I was a college dj and loved it. I had my own show, my own time slot, my own playlist (late nite was much more forgving) Starting a station is a lot easier today than it was at the heyday of college radio in the 1990s. Hell, even in my own time in the 80's, it was a great place to learn the craft before it all became 'push button', and discovering bands before the average listener to FM, well, that was a perk that I loved.
Here we are in 2019, and thanx to the internet and great sofware packages like Airtime Pro, things are really taking off. It's a great way to find the next big thing and the flexibility of type of format makes it so appealing to aspiring dj's and their listeners. More and more radio stations are online-only, taking advantage The big thing is that now two things are covered at once, it's cost-effective and easy to set up.
Going thru the hoops and paperwork to get a real broacast license is a royal pain, to say the least. Get yourself online and let'er rip. Here are some steps recommeneded by Airtime Pro, which is what i use:
Step 1: Put together programming ideas and station identity
From the start, define the purpose of the station and specific ideas for shows, documenting it all in as much detail as possible. Programming is the heart and soul of a radio station, and you probably already have a good idea of what percentage of airtime will be dedicated to playing different genres of music, discussing news and broadcasting talk shows, live performances and special events. Put it in writing, and keep refining as ideas for the station’s identity and content evolve.
Step 2: Build a team
Much of your station’s programming will depend upon the team you put together. Radio is by no means a one-person effort, so reach as far as possible into the campus community. Canvas professors, fellow students, even alumni–and don’t forget about those lovable engineering students–to see who’s interested in participating. Pooling ideas and talent from a diverse group with different skills, backgrounds and passions is a surefire way to establish the foundation for a vibrant college radio station that will stand the test of time.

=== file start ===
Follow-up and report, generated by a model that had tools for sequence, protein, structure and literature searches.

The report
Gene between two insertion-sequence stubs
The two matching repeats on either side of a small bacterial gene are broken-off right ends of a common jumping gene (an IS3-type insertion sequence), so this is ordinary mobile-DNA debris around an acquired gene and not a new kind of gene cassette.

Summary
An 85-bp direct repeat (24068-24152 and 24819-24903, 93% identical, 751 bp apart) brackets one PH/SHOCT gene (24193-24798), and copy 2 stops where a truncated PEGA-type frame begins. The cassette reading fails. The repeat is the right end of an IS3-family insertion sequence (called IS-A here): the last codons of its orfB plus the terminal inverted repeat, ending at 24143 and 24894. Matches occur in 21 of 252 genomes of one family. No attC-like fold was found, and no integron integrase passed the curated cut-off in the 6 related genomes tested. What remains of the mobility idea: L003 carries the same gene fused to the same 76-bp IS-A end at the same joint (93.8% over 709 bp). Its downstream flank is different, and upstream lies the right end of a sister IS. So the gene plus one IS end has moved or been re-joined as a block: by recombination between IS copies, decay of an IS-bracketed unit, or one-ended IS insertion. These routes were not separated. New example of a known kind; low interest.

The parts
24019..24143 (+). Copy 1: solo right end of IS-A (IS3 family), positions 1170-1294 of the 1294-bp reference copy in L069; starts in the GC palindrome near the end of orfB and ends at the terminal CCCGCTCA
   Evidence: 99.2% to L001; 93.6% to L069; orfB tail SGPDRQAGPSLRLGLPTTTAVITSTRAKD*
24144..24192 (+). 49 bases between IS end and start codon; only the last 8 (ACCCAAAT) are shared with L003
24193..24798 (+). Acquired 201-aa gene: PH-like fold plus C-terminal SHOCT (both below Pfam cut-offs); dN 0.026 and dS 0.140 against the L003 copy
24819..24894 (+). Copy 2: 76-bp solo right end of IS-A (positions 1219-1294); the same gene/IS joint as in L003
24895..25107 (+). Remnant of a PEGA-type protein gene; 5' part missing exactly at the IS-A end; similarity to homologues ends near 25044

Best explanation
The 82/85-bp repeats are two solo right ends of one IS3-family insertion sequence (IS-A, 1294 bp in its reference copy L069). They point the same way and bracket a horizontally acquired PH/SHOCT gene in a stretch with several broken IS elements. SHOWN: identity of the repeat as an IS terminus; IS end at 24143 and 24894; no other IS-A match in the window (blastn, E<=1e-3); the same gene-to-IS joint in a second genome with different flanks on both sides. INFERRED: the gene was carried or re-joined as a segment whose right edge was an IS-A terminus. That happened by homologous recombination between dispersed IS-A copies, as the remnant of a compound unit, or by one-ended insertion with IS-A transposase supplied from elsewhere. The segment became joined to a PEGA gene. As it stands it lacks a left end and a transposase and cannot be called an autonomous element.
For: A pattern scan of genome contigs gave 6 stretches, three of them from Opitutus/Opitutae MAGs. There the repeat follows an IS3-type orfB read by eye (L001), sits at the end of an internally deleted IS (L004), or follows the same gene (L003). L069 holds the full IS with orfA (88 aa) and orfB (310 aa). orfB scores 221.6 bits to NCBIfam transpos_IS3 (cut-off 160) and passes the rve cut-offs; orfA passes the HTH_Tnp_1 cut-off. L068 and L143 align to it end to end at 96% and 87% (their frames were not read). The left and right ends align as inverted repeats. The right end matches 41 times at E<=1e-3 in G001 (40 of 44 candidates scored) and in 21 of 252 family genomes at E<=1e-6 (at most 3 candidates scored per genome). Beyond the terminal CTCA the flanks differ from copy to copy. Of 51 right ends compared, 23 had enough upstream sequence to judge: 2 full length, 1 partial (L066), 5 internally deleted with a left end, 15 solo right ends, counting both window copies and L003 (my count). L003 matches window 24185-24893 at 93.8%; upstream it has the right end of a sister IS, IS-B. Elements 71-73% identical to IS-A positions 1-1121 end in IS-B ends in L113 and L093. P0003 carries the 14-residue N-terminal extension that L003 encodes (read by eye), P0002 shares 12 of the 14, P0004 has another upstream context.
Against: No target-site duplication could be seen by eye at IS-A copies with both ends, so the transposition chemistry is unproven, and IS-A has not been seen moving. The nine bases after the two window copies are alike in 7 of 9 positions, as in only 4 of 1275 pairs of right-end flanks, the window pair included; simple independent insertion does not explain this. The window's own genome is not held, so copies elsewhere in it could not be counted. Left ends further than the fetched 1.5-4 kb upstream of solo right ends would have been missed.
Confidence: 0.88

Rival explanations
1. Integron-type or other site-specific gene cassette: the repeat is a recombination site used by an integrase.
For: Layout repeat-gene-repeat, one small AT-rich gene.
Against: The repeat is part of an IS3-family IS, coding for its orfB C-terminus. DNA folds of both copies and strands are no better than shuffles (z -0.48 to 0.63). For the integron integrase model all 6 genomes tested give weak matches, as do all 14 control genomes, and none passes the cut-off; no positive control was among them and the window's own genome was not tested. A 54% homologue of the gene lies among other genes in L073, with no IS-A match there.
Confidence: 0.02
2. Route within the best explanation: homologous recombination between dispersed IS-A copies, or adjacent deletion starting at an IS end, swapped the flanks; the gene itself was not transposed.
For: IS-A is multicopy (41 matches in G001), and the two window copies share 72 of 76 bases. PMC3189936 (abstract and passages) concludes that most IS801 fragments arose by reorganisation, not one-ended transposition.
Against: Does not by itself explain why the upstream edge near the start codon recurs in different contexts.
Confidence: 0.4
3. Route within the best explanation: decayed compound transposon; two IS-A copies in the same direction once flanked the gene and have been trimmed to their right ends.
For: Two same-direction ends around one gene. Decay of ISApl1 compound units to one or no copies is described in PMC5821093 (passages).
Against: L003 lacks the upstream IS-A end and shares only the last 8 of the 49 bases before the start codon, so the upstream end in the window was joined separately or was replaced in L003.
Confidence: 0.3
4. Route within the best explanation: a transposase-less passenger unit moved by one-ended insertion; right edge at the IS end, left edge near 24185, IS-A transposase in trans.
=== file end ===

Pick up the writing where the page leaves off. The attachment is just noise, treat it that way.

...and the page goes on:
Step 3: Write and submit your campus radio station proposal
Write a formal proposal and submit it to your school’s administration outlining initial and yearly budgets, the purpose of the station and programming, day-to-day management and staffing, and studio space and technology requirements. For detailed help on writing a proposal for a campus radio station, HobbyBroadcaster.net has an excellent guide.
Step 4: Build your studio space
Assuming you’ve submitted a serious proposal and put together a solid team, chances are good that your school’s administration will see the educational value and give your station the go ahead. For studio space, you don’t want to operate out of a janitor’s closet, but a space of 8-feet-by-8-feet would seem to be the bare minimum. Ideally, your station’s studio would consist of at least three rooms, one for normal broadcasting operations, another where you can spread out and do things like host live performances by local or visiting bands, and another to be used for storage or as a waiting area for guests and DJs waiting to go on shift. One of our partner stations, Titon Radio (CSUF) at Cal State Fullerton, has such a setup and operates out of the basement of the university’s library. We’ve put together a handy guide that details “10 Essential Pieces of Equipment” to get you started on building out a studio.
Step 5: Start broadcasting and promoting your station
Now it’s time to put all your planning and hard work into action. Fortunately, our internet radio broadcasting software is super easy to set up, and with Airtime Pro you can be on air in minutes. See our Step-to-Step Guide to setting it up, which also has ideas on branding and promoting your station.
So, go forth and build upon the independent, colorful history of college radio. Think of it as a collegial broadcasting laboratory, a link to jobs in the recording industry, which at every level is peopled with campus radio alumni. And, with a little luck, your station may even be the first to air the breakout song–think “Smells Like Teen Spirit”, which launched the career of ‘90s grunge gods Nirvana when first played on college station KXLU in Los Angeles–of the next great band.